Kasich’s spokesperson Rob Nichols pointed to data showing that fracking was responsible for just 2.6 percent of the 278,150 total jobs created in the state during that time period.
    As for revenue, Nichols said data from Ohio’s Department of Taxation shows that oil and gas industry brought 0.017 percent ($19.89 million) of all state revenue ($118.3 billion) between fiscal years 2014 to 2015. (By comparison, the auto industry added about three and a half times more jobs.)
    By all estimates, fracking jobs account for 2 percent of those added in the state during Kasich’s tenure. Shale development has improved GDP by about 1 percent and contributed to less than a percent of the state’s tax revenue.
    • Columbus Dispatch: Fracking Boom Hits Speed Bumps:
    The decline is a result of a pullback by companies such as Chesapeake Energy, the largest producer operating in the state, which had 190 new drilling permits last year and only 98 so far this year.
    A reduction in permits is going hand in hand with a reduction in drilling. Energy companies had 19 rigs drilling new wells in the state last week, down from a recent peak of 47 in January, according to oilfield-services firm Baker Hughes.
    As rigs go idle, workers get laid off, including those who work for outside companies that serve the rigs.
    • Columbus Dispatch: So Where’s the Boom that was Promised?
    Oil and gas industry officials predicted in September 2011 that the growing effort to tap oil and gas in the Utica shale would lead to more than 200,000 new jobs in four years.
    So far, that has not panned out, even in the counties with the most drilling activity.
    “The deep-down question people need to ask is, ‘With this activity that’s going on in the community, to what extent is it benefiting the community?’ ” said Tim Kelsey, an agricultural economist at Penn State University who has studied the effects of shale development on his state.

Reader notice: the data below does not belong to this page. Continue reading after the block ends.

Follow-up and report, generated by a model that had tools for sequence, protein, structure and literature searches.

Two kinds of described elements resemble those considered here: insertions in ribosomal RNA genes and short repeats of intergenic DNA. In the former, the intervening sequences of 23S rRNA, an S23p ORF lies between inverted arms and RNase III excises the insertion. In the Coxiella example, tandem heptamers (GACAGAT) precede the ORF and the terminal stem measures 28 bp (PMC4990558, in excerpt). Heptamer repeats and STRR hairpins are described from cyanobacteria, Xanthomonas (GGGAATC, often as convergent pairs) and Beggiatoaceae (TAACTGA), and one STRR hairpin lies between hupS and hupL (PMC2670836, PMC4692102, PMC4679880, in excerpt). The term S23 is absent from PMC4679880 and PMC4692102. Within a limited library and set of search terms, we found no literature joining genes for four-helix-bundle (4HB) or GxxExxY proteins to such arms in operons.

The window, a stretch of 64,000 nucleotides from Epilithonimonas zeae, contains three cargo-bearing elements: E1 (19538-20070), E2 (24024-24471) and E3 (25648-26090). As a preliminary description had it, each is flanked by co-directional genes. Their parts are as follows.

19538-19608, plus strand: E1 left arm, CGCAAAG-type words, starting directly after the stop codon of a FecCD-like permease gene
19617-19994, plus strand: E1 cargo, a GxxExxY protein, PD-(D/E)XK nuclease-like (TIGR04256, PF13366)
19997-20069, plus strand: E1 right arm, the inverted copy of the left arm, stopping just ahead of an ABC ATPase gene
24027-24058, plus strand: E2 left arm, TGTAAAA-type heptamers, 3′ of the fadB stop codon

“If it is non-local companies bringing in non-local supplies and non-local workers, then there isn’t much of an effect on the area.”
    More than three years after the first Utica drilling permit was approved, transient workers are among the most-tangible signs of the shale “boom.”
    While economic activity has boosted sales-tax revenue significantly, which helps the economy, there has been little measurable change in the underlying labor market.
    • Think Progress: A 600 Million Dollar Fracking Company Just Sued this Tiny Ohio Town:

    A tiny town in eastern Ohio is being sued by an Oklahoma-based oil and gas company that bought more than 180 million gallons of water from the town last year. That water use, combined with a dry fall, prompted the village to temporarily shut off water to Gulfport Energy. Now, a second company has a water agreement, and there might not be enough water to go around.

    A few years ago a group of us went to Carroll County—the fracking “hot spot” in Ohio. We met with local officials and with farmers who had signed leases. Based on what we saw and learned that day, the quality of community life was reduced and residents were faced with many problems they hadn’t anticipated, including those who had signed leases. Since then the EPA reports that “Carroll County exceeds EPA’s cancer risk level of concern,” and that roughly 27% of Ohio’s residents live within a half-mile threat radius of a methane-emitting facility. In addition to three counties —- Perry, Monroe, and Warren —- have a cancer risk in the highest 10%. Ohio has the most threatened schools and the most threatened medical facilities per state.” This, too, has economic implications of long-term consequence.

    I’m not sure you and I will ever agree on this, but based on what I have learned in these past few years, fracking brings far more problems than benefits to the areas where it occurs. And any gains tend to be quite short term and the risks and damage can be long-term with us as community members left to live with (and pay for) the results.